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A new primary school in Kerala that opened in June to much fanfare for Malapandaram kids, but which was threatened in July with closing due to insufficient funds, has been kept open after all.The Hindu reported last week that the school at Attathode, located on a major road to Sabarimala, was saved due to quick action in securing funds by a local official—the District Collector, S. Harikishore.

Map of Malapandaram settlementsMr. Harikishore has been able to find the funding to ensure that the children attending the school are given three meals every day, one of the major issues reported last month. Another problem was that promises to provide daily transportation service to and from the school to the other nearby Malapandaram communities in the forest areas of Chalakkayam, Nilackal, and Laha had not been fulfilled.

The District Collector was able to arrange for money to pay for a driver to transport the children. He used Kerala funds from the Gothra Sarathi scheme, launched by the state in 2013 to provide transportation for tribal children so they could attend schools.

The article in The Hindu announcing this development also reported that the school has been given a laptop computer, pictured in the report with numerous Malapandaram children and some adults gathered around it. The gift was presented by an Indian from a nearby community who has settled in Houston named Reji Kurien.

The children watched some PowerPoint presentations and some short films. The laptop has been loaded with education software and it will be used to expose the children to the digital age. Mr. Kurien was accompanied by the Member of the Legislative Assembly, Raju Abraham, and other officials in a presentation at the school on Tuesday last week.

Another article in The Hindu described the outreaching efforts of the District Collector, Mr. Harikishore, to get to know the tribal settlements of Pathanamthitta District, many of which are Malapandaram. He is the chief administrative official of a district of about 1.2 million people. He has initiated a program he is calling “A day in a tribal hamlet,” in which he travels with a couple other officials to each of the hamlets in turn and listens to what the people have to say.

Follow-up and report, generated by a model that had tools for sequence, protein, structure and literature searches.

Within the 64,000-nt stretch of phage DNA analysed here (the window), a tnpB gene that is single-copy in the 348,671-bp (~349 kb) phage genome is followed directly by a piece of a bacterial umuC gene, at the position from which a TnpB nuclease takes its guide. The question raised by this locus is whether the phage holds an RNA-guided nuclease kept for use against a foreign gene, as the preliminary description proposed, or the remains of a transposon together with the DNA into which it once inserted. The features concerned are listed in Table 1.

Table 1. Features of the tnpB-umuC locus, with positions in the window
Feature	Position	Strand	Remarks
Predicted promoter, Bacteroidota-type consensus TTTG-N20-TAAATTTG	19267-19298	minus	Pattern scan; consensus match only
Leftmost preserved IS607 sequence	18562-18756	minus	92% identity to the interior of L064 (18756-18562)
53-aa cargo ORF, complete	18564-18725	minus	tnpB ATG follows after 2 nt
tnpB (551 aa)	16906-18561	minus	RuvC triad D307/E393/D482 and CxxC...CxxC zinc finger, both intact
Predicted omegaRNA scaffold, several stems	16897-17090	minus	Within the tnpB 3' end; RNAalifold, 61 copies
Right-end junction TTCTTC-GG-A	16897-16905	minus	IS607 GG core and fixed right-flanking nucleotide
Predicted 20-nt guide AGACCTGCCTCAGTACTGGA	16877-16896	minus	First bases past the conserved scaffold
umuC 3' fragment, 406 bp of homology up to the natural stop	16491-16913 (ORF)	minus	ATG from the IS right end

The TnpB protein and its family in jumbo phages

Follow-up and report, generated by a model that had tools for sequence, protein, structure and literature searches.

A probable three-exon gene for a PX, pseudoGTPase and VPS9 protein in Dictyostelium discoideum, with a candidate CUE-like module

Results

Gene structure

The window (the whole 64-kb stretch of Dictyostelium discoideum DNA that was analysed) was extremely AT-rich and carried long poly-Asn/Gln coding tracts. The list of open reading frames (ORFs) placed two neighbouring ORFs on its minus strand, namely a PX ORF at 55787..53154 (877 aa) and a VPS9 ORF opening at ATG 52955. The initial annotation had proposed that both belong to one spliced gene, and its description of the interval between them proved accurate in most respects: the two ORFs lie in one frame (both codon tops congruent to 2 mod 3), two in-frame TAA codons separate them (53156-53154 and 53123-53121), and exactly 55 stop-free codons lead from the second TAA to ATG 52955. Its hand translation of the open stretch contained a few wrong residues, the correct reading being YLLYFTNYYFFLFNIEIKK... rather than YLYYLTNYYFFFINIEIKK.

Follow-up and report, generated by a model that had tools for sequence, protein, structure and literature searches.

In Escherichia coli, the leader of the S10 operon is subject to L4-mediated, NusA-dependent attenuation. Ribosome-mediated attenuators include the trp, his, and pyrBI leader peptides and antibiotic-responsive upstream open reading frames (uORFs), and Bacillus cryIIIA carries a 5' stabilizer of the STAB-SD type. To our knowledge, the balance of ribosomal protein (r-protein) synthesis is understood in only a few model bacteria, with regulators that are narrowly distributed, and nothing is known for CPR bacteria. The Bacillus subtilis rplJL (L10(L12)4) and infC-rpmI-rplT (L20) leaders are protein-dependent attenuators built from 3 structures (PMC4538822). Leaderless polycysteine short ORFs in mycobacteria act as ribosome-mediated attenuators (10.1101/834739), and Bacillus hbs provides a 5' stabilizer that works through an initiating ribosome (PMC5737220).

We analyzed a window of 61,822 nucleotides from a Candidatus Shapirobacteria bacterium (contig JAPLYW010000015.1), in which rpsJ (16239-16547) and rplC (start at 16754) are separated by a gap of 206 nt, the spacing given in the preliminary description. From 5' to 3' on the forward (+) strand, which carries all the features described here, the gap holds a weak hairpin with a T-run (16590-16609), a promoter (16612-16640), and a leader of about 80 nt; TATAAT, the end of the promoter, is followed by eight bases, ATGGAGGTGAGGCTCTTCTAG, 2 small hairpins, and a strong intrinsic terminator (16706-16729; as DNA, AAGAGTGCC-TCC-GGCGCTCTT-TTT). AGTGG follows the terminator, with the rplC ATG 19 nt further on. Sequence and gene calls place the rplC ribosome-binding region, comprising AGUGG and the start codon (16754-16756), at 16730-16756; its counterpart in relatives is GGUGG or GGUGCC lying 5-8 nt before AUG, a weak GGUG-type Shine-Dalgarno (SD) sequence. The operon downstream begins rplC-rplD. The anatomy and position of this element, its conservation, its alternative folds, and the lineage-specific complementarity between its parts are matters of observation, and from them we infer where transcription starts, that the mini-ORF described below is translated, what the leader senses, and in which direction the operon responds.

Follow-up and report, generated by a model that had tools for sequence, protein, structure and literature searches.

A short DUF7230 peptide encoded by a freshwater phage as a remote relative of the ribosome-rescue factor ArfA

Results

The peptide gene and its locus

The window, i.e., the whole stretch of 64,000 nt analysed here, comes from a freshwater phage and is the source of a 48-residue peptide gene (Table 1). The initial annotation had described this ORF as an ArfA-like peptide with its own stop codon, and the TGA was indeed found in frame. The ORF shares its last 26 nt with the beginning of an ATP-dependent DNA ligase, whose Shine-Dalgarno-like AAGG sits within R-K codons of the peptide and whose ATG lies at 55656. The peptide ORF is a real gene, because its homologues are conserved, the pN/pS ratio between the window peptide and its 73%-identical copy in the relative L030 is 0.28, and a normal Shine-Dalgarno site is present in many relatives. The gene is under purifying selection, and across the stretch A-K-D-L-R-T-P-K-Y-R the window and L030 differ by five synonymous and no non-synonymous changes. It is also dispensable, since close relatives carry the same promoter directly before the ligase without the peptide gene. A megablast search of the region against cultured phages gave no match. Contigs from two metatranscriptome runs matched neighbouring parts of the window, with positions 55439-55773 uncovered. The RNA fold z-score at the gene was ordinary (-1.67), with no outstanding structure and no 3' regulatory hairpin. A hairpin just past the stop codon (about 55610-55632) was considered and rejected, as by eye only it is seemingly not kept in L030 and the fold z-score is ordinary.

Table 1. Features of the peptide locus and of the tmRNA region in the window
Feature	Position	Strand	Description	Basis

He told the reporter he is finding that the young people are eager to leave the forests and move into settled communities, as are many women if they are given shelters, food, water, and the necessary clothing. He has found that malnutrition is a serious problem among the tribal people. A majority of the women and children turned out to be anemic, and they tend to use salt excessively, which elevates their blood pressure.

The Malapandaram families at Chalakkayam, near Sabarimala, had several requests for Mr. Harikishore: they asked for sheets for their beds, food grains, and plastic sheets in order to cover the roofs of their huts. That request prompts the reader to wonder what their living conditions are really like—why the plastic sheeting? Brian Morris’ book about the Malapandaram, Forest Traders(1982a), provides some insight into their physical living conditions.

Morris distinguished between the temporary forest camps occupied by one to four nuclear families and the larger settlements, places allotted to the people by the Forest Department for semi-permanent dwellings. The people living in those settlements tended to make day trips into the nearby forests for food and supplies.

He described the Paranthadi settlement, located on the northern bank of the Achencoil River. It consisted of around 10 huts made of grass thatching, though the number varied depending on the individuals and families coming and going. About six families were normally associated with the settlement. The huts were constructed in various ways, but the most substantial of them were quite simple.

The hut of a man named Daniskody, who referred to himself as the headman (though he had very little authority when Morris was there) was the largest of all. The anthropologist described that hut as rectangular, built with nine upright support posts and a framework of other poles that held up a roof thatched with grass. The hut faced the river and was open on two sides, with the northern side slatted with bamboo strips in an attempt to keep out the rain.

Other huts that Morris described were smaller but constructed essentially the same way—mostly covered with grass thatching. In some other settlements, huts were thatched with bamboo leaves, though he indicated that some of the older settlements had more permanent structures.

His summary of the forest settlement huts appears to still be accurate: “Hill Pandaram huts are in general much smaller, and often flimsily made; they are frequently open on at least one side, and very often … they are not enclosed at all and are essentially only roof shelters (p.58).” It is no wonder that the Malapandaram at Chalakkayam requested plastic sheeting—to provide better protection from the rain than their traditional structures did.